Let's start with the obvious. Sarah Palin has an infant with Down syndrome. I was once in her position! I too found out, while I was pregnant, that I would have a baby with Down syndrome. My first reaction is to think: we have something major in common! She gets me, the way only other people who have been in this position do. But does she? Let's take a look at the evidence.
First, there was her speech at the Republican National Convention. She said, "And I pledge to you that, if we're elected, you will have a friend and advocate in the White House." I liked that a lot. Plus, her son was there, frequently on camera. This led to quite a bit of positive exposure for Trisomy 21, including several news reports that were much more accurate and balanced than those I'm used to seeing. Hooray!
But what did Palin mean, that she'll be an advocate for me, for children like mine? She didn't specify - then or since - and "Maria Comella, her spokeswoman, would not elaborate on what Ms. Palin would seek to accomplish for disabled children as vice president."
OK, so she's not talking specifics in this campaign, and she doesn't have a congressional voting record like the other three candidates so we'll look back at her record of volunteer work, charitable giving, and political actions as mayor of Wasilla and governor of Alaska.
1) Volunteerism: I couldn't find any public record of Palin volunteering. If you find information about her volunteerism for disability-related causes, please leave a link in the comments section so that I can update this post.
2) Caritable giving: Again, I struck out here because Palin won't reveal finances until after debate with Biden.
3) Speeches: Other than the RNC speech referenced above, I found nothing.
4) As Mayor: I found nothing applicable.
5) As Governor:
- In the "Issues" section of her campaign web site, Palin didn't mention disability.
- This summer she celebrated the "18th Anniversary of the ADA" in Alaska.
- Governor Palin signed a bill produced by a legislative task force that reallocated money within Alaska's education budget, shifting funds to more rural school districts and increasing the per-student allotment for students with special needs.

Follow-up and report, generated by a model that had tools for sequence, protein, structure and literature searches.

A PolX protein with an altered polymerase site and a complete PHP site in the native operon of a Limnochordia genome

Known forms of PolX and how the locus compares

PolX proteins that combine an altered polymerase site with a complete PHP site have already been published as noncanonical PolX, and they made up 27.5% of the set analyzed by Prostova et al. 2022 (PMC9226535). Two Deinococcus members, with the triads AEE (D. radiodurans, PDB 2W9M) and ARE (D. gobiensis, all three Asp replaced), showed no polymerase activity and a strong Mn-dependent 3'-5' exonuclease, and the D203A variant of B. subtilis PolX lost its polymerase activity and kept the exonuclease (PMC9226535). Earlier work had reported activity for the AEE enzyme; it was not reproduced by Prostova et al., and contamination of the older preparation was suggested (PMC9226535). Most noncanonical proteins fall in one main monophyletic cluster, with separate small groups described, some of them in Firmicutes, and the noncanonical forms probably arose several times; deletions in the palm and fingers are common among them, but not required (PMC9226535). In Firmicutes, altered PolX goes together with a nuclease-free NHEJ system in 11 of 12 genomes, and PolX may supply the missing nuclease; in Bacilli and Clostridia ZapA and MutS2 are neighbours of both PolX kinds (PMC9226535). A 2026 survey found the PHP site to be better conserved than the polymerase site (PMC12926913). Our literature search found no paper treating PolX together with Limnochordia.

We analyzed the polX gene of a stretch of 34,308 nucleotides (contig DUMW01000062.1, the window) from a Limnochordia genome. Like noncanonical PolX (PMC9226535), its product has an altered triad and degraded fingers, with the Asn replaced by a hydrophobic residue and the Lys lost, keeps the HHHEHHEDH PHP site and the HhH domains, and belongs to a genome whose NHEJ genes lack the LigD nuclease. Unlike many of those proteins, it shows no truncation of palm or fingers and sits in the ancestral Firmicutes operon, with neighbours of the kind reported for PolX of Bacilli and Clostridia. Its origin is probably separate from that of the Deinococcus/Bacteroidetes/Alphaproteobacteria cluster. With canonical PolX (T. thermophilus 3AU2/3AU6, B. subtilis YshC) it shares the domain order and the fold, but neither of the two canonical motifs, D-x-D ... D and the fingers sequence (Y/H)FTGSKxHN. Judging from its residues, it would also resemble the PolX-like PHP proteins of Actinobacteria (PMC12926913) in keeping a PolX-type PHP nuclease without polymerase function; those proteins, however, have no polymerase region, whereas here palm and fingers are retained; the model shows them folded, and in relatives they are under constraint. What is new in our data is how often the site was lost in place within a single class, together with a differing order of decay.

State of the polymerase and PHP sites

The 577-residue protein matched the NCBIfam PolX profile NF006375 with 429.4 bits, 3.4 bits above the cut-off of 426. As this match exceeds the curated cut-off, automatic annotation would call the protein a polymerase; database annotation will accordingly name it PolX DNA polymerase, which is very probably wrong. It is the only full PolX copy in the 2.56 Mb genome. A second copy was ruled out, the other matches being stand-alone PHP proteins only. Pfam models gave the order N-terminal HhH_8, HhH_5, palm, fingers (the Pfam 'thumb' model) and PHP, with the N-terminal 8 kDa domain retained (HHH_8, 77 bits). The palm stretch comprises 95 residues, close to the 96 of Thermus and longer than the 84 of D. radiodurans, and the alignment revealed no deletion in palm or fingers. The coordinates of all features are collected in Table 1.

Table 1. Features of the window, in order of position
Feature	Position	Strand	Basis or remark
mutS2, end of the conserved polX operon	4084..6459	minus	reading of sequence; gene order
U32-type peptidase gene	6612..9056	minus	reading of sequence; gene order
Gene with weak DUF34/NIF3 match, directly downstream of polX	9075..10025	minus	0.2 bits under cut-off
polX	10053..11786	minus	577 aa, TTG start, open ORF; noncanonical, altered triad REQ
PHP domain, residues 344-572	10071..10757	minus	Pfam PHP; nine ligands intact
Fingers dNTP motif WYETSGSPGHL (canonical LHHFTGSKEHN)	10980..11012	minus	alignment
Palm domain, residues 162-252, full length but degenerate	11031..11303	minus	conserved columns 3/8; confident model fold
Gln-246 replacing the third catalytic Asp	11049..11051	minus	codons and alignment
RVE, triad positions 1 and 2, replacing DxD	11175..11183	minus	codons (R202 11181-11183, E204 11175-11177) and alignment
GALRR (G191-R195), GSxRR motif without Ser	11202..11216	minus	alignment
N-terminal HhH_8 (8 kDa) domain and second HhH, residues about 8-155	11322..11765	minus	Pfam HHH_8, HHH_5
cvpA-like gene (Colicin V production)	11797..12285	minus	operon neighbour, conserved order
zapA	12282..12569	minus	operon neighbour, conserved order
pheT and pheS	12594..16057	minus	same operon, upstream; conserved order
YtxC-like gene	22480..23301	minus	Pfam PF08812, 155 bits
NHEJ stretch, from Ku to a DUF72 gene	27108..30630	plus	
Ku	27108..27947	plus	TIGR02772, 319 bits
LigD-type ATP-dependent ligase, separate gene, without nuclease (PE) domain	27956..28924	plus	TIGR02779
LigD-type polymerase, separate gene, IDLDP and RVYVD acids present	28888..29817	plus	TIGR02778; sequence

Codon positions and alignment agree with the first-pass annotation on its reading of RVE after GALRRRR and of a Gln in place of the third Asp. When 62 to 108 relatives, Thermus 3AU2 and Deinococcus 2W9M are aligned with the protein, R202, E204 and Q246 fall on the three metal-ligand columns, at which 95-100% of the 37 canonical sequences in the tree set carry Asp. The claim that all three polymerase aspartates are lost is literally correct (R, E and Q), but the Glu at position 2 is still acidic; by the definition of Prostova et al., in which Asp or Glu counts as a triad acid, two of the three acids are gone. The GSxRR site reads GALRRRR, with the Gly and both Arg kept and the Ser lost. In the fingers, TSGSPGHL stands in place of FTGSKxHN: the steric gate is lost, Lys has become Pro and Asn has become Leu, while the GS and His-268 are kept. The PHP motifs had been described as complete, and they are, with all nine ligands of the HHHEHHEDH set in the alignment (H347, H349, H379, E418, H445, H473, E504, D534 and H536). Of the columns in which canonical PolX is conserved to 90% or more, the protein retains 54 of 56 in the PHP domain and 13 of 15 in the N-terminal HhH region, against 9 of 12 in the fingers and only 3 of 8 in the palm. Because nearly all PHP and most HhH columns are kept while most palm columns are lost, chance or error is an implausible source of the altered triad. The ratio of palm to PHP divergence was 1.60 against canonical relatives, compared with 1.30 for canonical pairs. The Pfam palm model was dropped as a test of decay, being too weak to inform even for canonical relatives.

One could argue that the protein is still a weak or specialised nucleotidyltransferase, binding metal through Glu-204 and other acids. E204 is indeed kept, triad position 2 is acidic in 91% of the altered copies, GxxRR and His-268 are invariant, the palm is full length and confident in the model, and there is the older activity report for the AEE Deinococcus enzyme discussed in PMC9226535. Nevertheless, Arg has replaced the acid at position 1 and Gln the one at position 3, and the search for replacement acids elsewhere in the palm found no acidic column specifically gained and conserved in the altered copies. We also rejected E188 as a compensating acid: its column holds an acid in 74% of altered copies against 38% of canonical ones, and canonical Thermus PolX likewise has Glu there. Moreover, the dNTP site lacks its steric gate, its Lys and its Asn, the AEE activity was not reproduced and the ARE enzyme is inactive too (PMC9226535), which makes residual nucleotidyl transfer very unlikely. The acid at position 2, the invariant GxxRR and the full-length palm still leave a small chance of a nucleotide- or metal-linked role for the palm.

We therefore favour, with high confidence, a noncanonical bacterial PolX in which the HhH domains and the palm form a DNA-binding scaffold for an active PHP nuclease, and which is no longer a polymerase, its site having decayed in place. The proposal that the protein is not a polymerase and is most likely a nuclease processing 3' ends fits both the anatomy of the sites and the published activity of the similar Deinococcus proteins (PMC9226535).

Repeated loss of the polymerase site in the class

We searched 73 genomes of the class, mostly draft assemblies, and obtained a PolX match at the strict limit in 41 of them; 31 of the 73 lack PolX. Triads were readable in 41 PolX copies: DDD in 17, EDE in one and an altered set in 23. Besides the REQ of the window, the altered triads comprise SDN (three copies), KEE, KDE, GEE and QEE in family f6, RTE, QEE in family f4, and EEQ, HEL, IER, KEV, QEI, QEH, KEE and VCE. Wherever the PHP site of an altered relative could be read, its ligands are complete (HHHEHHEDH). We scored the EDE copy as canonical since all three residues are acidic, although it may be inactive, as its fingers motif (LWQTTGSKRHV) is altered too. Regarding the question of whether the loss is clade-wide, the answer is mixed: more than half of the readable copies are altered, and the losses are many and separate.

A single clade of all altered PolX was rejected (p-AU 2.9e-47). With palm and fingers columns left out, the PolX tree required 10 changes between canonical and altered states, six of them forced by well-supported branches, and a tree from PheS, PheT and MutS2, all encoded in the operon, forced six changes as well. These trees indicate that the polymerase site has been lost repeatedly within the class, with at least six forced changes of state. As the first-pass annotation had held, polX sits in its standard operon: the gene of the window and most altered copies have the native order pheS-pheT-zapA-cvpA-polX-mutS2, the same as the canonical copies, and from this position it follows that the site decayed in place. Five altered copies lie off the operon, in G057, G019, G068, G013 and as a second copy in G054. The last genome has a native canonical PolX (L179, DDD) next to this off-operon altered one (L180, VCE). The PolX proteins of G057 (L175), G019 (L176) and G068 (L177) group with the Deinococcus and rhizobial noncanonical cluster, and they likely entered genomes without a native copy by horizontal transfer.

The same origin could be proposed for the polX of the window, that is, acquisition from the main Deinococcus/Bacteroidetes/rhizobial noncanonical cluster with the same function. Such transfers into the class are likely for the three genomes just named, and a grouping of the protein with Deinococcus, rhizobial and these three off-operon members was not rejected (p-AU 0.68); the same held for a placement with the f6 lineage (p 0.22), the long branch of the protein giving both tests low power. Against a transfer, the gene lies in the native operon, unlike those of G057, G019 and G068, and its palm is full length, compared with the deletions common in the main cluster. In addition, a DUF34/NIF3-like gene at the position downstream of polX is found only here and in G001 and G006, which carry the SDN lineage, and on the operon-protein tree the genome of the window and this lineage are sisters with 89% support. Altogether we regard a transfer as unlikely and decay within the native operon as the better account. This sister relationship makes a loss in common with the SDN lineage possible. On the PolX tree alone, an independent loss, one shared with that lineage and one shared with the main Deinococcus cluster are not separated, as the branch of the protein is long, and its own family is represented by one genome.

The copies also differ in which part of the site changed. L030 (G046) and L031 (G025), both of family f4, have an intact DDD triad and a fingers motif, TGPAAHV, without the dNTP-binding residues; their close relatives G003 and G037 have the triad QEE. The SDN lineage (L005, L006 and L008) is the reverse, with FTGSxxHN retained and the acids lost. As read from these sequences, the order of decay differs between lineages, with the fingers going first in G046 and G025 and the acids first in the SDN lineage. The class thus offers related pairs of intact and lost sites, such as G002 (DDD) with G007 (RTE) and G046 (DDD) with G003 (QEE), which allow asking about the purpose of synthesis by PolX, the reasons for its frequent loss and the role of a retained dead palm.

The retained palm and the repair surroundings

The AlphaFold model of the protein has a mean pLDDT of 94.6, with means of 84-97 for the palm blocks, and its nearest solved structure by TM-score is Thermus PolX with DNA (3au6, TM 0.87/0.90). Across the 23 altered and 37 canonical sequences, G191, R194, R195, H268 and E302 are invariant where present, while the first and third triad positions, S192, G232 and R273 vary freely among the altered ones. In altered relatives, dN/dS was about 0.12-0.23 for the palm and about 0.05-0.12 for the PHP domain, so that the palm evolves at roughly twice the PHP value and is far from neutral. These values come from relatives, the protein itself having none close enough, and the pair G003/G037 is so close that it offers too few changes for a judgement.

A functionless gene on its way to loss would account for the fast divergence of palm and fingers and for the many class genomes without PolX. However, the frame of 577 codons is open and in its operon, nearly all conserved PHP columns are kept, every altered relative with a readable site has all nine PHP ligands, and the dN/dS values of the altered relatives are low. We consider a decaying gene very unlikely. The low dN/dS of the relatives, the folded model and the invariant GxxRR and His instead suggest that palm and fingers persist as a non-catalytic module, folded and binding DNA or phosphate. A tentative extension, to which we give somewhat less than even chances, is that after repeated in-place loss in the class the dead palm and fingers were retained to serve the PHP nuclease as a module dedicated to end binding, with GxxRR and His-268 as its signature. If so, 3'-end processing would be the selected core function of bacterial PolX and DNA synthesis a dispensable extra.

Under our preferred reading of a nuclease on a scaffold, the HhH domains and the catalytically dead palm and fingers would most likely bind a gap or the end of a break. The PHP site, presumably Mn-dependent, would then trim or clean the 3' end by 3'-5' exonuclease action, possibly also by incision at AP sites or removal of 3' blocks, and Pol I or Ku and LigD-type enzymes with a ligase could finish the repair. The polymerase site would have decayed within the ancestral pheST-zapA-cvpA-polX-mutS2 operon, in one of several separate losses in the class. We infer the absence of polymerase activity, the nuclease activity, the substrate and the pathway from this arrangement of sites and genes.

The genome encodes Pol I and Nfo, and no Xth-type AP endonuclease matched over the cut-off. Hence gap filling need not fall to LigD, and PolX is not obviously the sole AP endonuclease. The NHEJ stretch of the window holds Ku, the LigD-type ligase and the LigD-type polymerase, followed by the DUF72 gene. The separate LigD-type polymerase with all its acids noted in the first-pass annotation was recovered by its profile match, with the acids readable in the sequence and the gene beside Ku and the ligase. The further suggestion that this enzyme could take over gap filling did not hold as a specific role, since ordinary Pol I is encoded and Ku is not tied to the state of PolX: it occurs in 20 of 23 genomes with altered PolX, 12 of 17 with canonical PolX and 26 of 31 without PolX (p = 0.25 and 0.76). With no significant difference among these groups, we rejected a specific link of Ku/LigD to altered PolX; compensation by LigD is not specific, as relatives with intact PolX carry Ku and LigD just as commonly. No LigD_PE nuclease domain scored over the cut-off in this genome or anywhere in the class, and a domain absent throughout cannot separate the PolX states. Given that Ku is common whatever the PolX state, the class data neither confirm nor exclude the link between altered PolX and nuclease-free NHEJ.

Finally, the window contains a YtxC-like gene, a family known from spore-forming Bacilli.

- But on the other hand, she vetoed half of the proposed Special Olympics budget for 2008 (Page 100, SB 221 with vetoes).
- Here's a video of Palin talking about these accomplishments . . . though perhaps her claims are a little exaggerated. And she believes that government just "gets in the way" of medical research for diseases like cancer, Parkinson's, and Alzheimer's.
- "When a young governor line-item vetoes six appropriations for community disability services or for accessibility modifications to public accommodations, that governor gives us reason to be skeptical about promises and prospective performance."
Of great concern to me is Palin's repeated - and recent - assertions that the size of government be cut way back. I support government funding for ADA enforcement and many other disability-friendly programs. I am concerned about a politician who vetoes previously noncontroversial educational budget items like libraries, textbooks, and safer landscaping, explaining that funding can be found elsewhere rather than from the government. (The entire text of the budget and the governor's vetoes are widely available online, if you have the time and inclination to wade through it all.) Also of especial concern to me is Palin's position on healthcare, specifically the desire that "Health care must be market-and business-driven," and her advocacy for "personal responsibility for personal health & all areas," as "personal responsibility & choices key to good health." Those quotes are from this year and aren't great news for those with "pre-existing conditions."
In the absence of much concrete information about Palin's support for disability-related programs, I'm looking at similar government programs and am very concerned by her positions.
I googled until my fingers were sore, looked through newspaper reports, budgets, and dozens of speeches. Outside of that comment at the RNC, I've found nothing from Sarah Palin supporting families with special needs. (For example, see On the Issues.)
In conclusion: Sarah Palin might indeed turn out to be an advocate for kids with special needs. But I've no evidence to show that she shares my priorities in this area. I can't vote based on that blind hope alone, without any assurance whatsoever that she supports the sort of legislation I'd like to see for people with disabilities.
Recap of my summaries for the other candidates:
- John McCain: Other than general support for disabled veterans, McCain has very little to say about disability-related issues on his campaign web site, and I am concerned about the importance he places on disability issues, and what that suggests about the policies he'd support as President. (Especially with all this regulation/deregulation stuff.)
- Barack Obama: Obama is far and away the strongest candidate with respect to disability rights and programming. He has long had a page on his web site devoted to disability issues, and has a long and strong track record of both supporting and sponsoring legislation to help people with disabilities and their families.
- Joe Biden: Biden is a strong supporter of disability rights, but he's not an activist. He votes the way I'd like him to on those issues, but it's not quite as high a priority for Biden as it is for Obama. Still, a good, solid record.